was afterwards expressed, this opening statement of Mr. Cardwell was received with general approval. Not so a rider thereto which was shortly afterwards moved by Mr. Trevelyan, who was, perhaps, somewhat to be pitied for thus having, as Mr. Osborne phrased it, his “pocket picked ” of his original scheme. That it might not, at all events, be picked of his intended speech, he came forward pending the discussion of Mr. Cardwell's Bill, and moved the following resolutions with reference to army administration:-“ That in the opinion of this House no scheme for military reorganization can be regarded as complete which does not alter the tenure of the Command-in-Chief in such a manner as to enable the Secretary of State for War to avail himself freely of the best administrative talent and the most recent military experience from time to time existing in the British army. That the consideration of the cost involved in the abolition of the purchase-system urgently calls for the immediate removal of obsolete and antiquated sources of military expenditure.” Pressing his resolutions to a division, Mr. Trevelyan was beaten by 201 to 83.
Mr. Forster introduced a Ballot Bill soon after the commencement of the Session, and before Easter the Bill, by arrangement, was read a second time without a division. Its substance was as follows :
1. The · Bill shall apply to municipal as well as Parliamentary elections.
2. No paper except the official paper shall be used—that is to say, the object of the ballot shall not be defeated by the use of a somewhat similar paper, which would enable it to be ascertained how the vote had been given.
3. The voting-paper shall not be given to the voter until he enters
the voting-booth. 4. The voter is not to be permitted to put any mark upon the voting-paper except that which is necessary to show for whom the vote is given; and in the event of that regulation being violated, the vote will be cancelled.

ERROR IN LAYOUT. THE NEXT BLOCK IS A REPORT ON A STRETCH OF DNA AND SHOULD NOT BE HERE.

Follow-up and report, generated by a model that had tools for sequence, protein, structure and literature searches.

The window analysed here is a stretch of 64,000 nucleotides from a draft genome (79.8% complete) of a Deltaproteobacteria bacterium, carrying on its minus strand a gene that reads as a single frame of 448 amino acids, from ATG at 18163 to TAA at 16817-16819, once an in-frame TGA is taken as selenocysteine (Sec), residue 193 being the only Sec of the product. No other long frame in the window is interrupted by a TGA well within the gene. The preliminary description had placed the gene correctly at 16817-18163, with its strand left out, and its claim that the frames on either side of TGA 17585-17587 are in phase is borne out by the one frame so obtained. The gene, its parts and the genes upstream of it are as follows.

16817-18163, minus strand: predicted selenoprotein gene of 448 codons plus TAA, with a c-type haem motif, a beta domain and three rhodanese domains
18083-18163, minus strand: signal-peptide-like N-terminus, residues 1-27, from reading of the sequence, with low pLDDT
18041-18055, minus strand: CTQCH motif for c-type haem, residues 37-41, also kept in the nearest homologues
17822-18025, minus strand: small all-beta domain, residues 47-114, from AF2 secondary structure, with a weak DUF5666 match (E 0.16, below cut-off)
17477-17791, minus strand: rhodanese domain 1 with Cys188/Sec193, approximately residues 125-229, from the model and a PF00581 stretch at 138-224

5. The returning officer, as he gives out his paper to each voter, shall impress it with his stamp, the character of which he shall be bound to keep secret, and which shall not be used again until a certain fixed time shall have expired. Then, when the boxes come to be opened, each unstamped voting-paper shall be rejected as void.
6. When a voting-paper has once been put in the ballot-box, the box shall not be opened except under such precautions as shall secure the inviolability of the vote.
7. Where, in a case of reopening the question of the number of votes, it is found a vote is bad, it shall be struck off from the total of the candidate for whom it has been recorded ; and also, where an elector tendering his vote finds some one else has voted for him the vote shall be kept aside, and under certain circumstances counted for the candidate in whose favour he had intended to vote.
8. The same penalties shall be attached to personation that now attach to bribery and treating. The candidate shall lose his seat for procuring or attempting to procure personation.
9. Any candidate who does not include all his expenses in his election return, or who with his own hands has paid expenses which ought to have passed through the hands of his agent, shall lose his seat.
10. The use of public-houses as committee-rooms during the progress of elections is prohibited.
11. The old plan of nominating candidates and making the final declaration of the poll is abolished.
12. The expenses of the returning officer shall be paid out of the local rates.